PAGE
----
nd as explicitly recognized under the 1973 Constitution, President Marcos had le gislative powers. Perforce, the expropriation of the subject properties identifi ed with specificity in the P.D. --- was directed by legislation. The issue of ne cessity then assumed the nature of a political question. As to the third requisite of public use, we examine the purpose for which the expr opriation was undertaken by NHA. As set forth in its petition, NHA justifies the taking of the subject property for the purpose of improving and upgrading the a rea by constructing roads and installing facilities thereon under the Governments zonal improvement program and subdividing them into much smaller lots for distr ibution and sale at a low cost to qualified beneficiaries, mostly underprivilege d long-time occupants of Grace Park. Around 510 families with approximately 5 me mbers each will be benefited by the project.[58] The only remaining obstacle in the completion of this project is the lots subject of these consolidated petitio ns as the other lots in Grace Park have already been expropriated.[59] The Zonal Improvement Program (ZIP), being implemented for government by NHA, dr aws breath from policy mandates found in the 1987 Constitution.[60] It is an int egral part of the governments socialized housing program which, in Sumulong v. Guer rero,[61] we deemed compliant with the public use requirement, it being a program clearly devoted to a public purpose. Justice Irene R. Cortes, speaking eloquently for the Court, said: Socialized housing is defined as, the construction of dwelling units for the mi ddle and lower class members of our society, including the construction of the s upporting infrastructure and other facilities (Pres. Decree No. 1224, par. 1). Th is definition was later expanded to include among others: a) The construction and/or improvement of dwelling units for the middle and lower income groups of the society, including the construction of the suppor ting infrastructure and other facilities; b) Slum clearance, relocation and resettlement of squatters and slum dwe llers as well as the provision of related facilities and services; c) Slum improvement which consists basically of allocating homelots to t he dwellers in the area or property involved, rearrangement and re-alignment of existing houses and other dwelling structures and the construction and provision of basic community facilities and services, where there are none, such as roads , footpaths, drainage, sewerage, water and power system, schools, barangay cente rs, community centers, clinics, open spaces, parks, playgrounds and other recrea tional facilities; d) The provision of economic opportunities, including the development of commercial and industrial estates and such other facilities to enhance the tota l community growth; and e) Such other activities undertaken in pursuance of the objective to pro vide and maintain housing for the greatest number of people under Presidential D ecree No. 757. (Pres. Decree No. 1259, sec. 1) x x x x Specifically, urban renewal or redevelopment and the construction of low-cos t housing is recognized as a public purpose, not only because of the expanded co ncept of public use but also because of specific provisions in the Constitution. The 1973 Constitution made it incumbent upon the State to establish, maintain a nd ensure adequate social services including housing [Art. II, sec. 7]. The 1987 Constitution goes even further by providing that:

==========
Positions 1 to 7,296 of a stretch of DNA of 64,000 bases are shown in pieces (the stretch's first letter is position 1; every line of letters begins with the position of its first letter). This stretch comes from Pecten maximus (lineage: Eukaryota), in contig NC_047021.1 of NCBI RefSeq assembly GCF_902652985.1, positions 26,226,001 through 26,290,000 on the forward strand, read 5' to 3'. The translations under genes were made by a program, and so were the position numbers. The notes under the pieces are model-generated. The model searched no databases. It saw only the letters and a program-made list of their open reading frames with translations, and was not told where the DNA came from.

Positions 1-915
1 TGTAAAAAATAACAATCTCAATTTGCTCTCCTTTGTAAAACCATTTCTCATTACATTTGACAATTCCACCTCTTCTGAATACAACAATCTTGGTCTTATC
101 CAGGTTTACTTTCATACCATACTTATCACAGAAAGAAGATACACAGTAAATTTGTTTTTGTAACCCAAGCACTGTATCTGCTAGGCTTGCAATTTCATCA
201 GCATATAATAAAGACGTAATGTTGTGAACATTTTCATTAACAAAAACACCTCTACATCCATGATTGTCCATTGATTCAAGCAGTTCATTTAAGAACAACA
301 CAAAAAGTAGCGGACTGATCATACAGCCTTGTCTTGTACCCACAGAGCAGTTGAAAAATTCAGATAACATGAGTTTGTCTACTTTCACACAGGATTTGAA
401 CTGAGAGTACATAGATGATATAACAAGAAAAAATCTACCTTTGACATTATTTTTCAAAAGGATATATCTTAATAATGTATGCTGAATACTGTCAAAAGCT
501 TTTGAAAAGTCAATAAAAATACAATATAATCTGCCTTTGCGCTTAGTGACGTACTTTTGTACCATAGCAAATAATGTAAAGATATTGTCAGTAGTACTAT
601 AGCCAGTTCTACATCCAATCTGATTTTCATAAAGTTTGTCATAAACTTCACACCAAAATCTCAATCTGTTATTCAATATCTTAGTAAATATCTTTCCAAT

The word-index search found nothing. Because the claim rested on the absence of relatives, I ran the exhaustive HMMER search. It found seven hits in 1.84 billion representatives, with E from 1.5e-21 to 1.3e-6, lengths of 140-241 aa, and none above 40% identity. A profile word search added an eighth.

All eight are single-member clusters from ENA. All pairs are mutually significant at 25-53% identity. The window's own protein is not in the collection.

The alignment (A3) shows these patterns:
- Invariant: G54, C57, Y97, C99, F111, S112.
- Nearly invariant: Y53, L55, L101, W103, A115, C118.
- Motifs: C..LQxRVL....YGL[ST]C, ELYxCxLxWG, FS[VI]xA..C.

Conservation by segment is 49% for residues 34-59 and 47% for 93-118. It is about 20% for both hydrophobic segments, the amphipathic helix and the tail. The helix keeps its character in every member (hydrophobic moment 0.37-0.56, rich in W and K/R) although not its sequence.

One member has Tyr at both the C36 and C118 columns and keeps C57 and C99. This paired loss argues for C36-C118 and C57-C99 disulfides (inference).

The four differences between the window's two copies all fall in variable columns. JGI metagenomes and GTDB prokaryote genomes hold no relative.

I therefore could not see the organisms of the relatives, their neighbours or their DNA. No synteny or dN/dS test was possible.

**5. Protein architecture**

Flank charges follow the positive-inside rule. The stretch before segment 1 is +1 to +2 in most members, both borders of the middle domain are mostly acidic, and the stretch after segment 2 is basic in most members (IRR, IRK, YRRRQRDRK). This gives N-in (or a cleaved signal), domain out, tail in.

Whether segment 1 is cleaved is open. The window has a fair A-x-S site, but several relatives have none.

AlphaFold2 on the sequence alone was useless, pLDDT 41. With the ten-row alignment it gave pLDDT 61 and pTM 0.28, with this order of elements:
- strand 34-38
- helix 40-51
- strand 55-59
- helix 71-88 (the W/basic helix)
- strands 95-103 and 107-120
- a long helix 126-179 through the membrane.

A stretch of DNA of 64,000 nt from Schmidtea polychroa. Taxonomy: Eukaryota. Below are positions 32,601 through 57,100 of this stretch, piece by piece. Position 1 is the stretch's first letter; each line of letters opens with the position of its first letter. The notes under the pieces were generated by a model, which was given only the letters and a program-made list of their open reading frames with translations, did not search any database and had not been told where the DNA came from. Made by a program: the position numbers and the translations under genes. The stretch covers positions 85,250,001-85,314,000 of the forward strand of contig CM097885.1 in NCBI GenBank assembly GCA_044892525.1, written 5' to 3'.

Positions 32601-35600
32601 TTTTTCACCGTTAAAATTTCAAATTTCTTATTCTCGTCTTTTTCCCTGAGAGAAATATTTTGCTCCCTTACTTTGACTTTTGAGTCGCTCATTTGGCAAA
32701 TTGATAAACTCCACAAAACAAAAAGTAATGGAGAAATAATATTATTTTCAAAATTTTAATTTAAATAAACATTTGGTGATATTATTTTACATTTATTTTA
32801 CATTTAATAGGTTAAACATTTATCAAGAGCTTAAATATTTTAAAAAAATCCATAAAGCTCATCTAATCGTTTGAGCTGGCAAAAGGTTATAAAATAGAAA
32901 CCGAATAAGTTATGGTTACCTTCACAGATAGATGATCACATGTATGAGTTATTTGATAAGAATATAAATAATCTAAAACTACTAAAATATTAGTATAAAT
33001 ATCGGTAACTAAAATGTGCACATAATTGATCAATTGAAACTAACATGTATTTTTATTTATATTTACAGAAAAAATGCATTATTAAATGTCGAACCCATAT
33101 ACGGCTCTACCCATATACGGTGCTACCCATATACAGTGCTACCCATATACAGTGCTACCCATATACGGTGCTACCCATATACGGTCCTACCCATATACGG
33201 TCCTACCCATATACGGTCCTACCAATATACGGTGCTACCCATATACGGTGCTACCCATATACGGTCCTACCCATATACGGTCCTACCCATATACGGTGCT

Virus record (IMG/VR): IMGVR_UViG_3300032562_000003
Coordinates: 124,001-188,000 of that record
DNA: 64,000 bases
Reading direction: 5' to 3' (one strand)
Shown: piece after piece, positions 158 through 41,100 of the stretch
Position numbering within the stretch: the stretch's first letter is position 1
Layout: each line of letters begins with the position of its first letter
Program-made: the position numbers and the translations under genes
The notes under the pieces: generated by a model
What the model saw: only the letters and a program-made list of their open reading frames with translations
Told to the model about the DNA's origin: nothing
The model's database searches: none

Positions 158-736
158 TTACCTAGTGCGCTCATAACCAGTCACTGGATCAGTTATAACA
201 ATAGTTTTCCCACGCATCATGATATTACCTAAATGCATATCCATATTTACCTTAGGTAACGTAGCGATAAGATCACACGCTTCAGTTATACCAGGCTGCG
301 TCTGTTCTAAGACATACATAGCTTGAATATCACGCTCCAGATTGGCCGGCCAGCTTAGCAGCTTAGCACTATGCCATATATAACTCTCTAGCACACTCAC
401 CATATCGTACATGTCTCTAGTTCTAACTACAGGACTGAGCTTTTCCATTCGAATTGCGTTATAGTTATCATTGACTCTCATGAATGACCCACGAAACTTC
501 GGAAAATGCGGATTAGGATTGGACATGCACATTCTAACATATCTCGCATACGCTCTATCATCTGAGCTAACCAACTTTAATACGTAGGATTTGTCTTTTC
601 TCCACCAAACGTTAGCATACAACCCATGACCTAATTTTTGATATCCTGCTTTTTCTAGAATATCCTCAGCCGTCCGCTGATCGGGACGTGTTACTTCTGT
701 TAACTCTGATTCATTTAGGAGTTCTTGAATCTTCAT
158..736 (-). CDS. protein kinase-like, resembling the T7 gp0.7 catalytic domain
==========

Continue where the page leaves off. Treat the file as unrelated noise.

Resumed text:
The State shall promote a just and dynamic social order that will ensure the prosperity and independence of the nation and free the people from poverty through policies that provide adequate social services, promote full employment, a rising standard of living and an improved quality of life for all. [Art. II, sec. 9] The state shall, by law, and for the common good, undertake, in cooperat ion with the private sector, a continuing program of urban land reform and housi ng which will make available at affordable cost decent housing and basic service s to underprivileged and homeless citizens in urban centers and resettlement are as. It shall also promote adequate employment opportunities to such citizens. In the implementation of such program the State shall respect the rights of small property owners. (Art. XIII, sec. 9, Emphasis supplied) Housing is a basic human need. Shortage in housing is a matter of state conc ern since it directly and significantly affects public health, safety, the envir onment and in sum, the general welfare. The public character of housing measures does not change because units in housing projects cannot be occupied by all but only by those who satisfy prescribed qualifications. A beginning has to be made , for it is not possible to provide housing for all who need it, all at once. Population growth, the migration to urban areas and the mushrooming of crowd ed makeshift dwellings is a worldwide development particularly in developing cou ntries. So basic and urgent are housing problems that the United Nations General Assembly proclaimed 1987 as the International Year of Shelter for the Homeless to focus the attention of the international community on those problems. The General Assembly is [s]eriously concerned that, despite the efforts of Governments at th e national and local levels and of international organizations, the living condi tions of the majority of the people in slums and squatter areas and rural settle ments, especially in developing countries, continue to deteriorate in both relat ive and absolute terms. [G.A. Res. 37/221, Yearbook of the United Nations 1982, V ol. 36, p. 1043-4] In the light of the foregoing, this Court is satisfied that "socialized hous ing" falls within the confines of "public use". It is, particularly important to draw attention to paragraph (d) of Pres. Dec. No. 1224 which should be construe d in relation with the preceding three paragraphs. Provisions on economic opport unities inextricably linked with low-cost housing, or slum clearance, relocation and resettlement, or slum improvement emphasize the public purpose of the proje ct.[62] It need only be added, at this juncture, that the public use requisite for the val id exercise of the power of eminent domain is a flexible and evolving concept in fluenced by changing conditions. At present, it may not be amiss to state that w hatever is beneficially employed for the general welfare satisfies the requireme nt of public use.[63] Still, petitioner Manapat insists that, being himself a beneficiary of the expro priation (because he has been a long-time resident of Grace Park), it would be i ncongruous for government to take his land away from him only to give it back to him. This contention sadly fails to comprehend the public purpose for the takin g under the socialized housing program. The parcels of land subject of the expropr iation are, precisely, being taken so that they can be subdivided into much smal ler lots --- at an average of 66.5 square meters per lot[64] --- for distributio n to deserving dwellers in the area. Upon the completion of the project, Manapat , and those similarly situated as he, cannot assert any right to be awarded the very same lots they currently occupy, nor be entitled to the same area of the la nd they now have. Then, we have petitioner Lim and respondents Vega, Santos, Oracion, and Mercado,